Starting with the leak in May of the U.S. Supreme Court’s draft decision to overturn Roe v. Wade, legalizing a woman’s right to an abortion, some legislators are taking action to try and prevent tech companies from selling users’ health data. The concern is that this data could be used in some states with strict anti-abortion laws to attempt to prosecute women seeking abortion care.
Ban data brokers from selling or transferring location data and health data and require the Federal Trade Commission (FTC) to enact rules to implement the law within 180 days, while making exceptions for HIPAA-compliant activities, protected First Amendment speech, and other approved health or location data disclosures
Ensure vigorous enforcement of the bill’s provisions by empowering the FTC, state attorneys general, and injured persons to sue to enforce the provisions of the law
Provide $1 billion in funding to the FTC over the next decade to carry out its work, including the enforcement of this law*
Why This Matters
In its recent Q1 2022 Privacy on Family Planning Apps Report, Pixalate found that among 1.7k apps classified as “family planning” - meaning apps with the words “pregnancy” or “period” in the title - across the Google Play and Apple App stores:
28% of family planning apps on Apple request access to the user’s location while the app is in use, and 13% request access even when the app isn’t being used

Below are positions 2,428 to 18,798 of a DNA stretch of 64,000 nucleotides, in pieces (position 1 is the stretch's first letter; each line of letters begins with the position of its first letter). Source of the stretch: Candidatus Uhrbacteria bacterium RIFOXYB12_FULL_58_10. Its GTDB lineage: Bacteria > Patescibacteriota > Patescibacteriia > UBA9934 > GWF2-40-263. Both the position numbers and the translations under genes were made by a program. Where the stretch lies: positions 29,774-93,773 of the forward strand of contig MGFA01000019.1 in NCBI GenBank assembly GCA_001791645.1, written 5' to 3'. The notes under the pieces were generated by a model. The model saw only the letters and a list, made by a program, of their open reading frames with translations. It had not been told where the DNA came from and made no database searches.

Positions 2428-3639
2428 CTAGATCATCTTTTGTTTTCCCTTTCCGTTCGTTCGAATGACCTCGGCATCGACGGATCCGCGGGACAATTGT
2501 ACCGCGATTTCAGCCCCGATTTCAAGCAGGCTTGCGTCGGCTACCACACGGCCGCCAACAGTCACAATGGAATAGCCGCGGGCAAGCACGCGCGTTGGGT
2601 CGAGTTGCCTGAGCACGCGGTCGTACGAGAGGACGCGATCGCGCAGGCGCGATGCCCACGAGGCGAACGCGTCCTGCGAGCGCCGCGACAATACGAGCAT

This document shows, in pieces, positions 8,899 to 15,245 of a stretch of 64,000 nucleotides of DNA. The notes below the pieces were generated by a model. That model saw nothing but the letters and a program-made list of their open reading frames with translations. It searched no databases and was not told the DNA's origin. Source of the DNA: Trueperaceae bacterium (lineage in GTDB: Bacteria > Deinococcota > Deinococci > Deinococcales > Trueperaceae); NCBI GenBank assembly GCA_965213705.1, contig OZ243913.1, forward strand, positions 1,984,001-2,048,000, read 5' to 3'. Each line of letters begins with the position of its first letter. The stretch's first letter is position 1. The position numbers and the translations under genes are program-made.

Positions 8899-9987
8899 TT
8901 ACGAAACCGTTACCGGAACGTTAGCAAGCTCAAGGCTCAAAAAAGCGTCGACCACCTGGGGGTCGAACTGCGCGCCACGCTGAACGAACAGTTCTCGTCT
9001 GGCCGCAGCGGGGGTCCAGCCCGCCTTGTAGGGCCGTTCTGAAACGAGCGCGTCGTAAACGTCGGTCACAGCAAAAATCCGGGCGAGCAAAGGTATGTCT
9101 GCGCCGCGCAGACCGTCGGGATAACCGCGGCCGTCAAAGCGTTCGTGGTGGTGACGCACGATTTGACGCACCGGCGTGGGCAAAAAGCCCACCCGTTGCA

Over 10% of the apps share the user’s location with advertisers and/or data brokers
These findings raise the question of whether this data should require additional protections, like most medical data under HIPAA in the U.S. Protecting the data of consumers, especially protected data like health records and sensitive data like location, should be a top priority for Congress.
Disclaimer: The content of this page reflects Pixalate’s opinions with respect to the factors that Pixalate believes can be useful to the digital media industry. Any proprietary data shared is grounded in Pixalate’s proprietary technology and analytics, which Pixalate is continuously evaluating and updating. Any references to outside sources should not be construed as endorsements. Pixalate’s opinions are just that - opinion, not facts or guarantees.
Per the MRC,
“'Fraud' is not intended to represent fraud as defined in various laws, statutes and ordinances or as conventionally used in U.S. Court or other
legal proceedings, but rather a custom definition strictly for advertising measurement purposes. Also per the MRC,
“‘Invalid Traffic’ is defined generally as traffic
that does not meet certain ad serving quality or completeness criteria, or otherwise does not represent legitimate ad traffic that should be included in measurement counts.
Among the reasons why ad traffic may be deemed invalid is it is a result of non-human traffic (spiders, bots, etc.), or activity designed to produce fraudulent traffic.”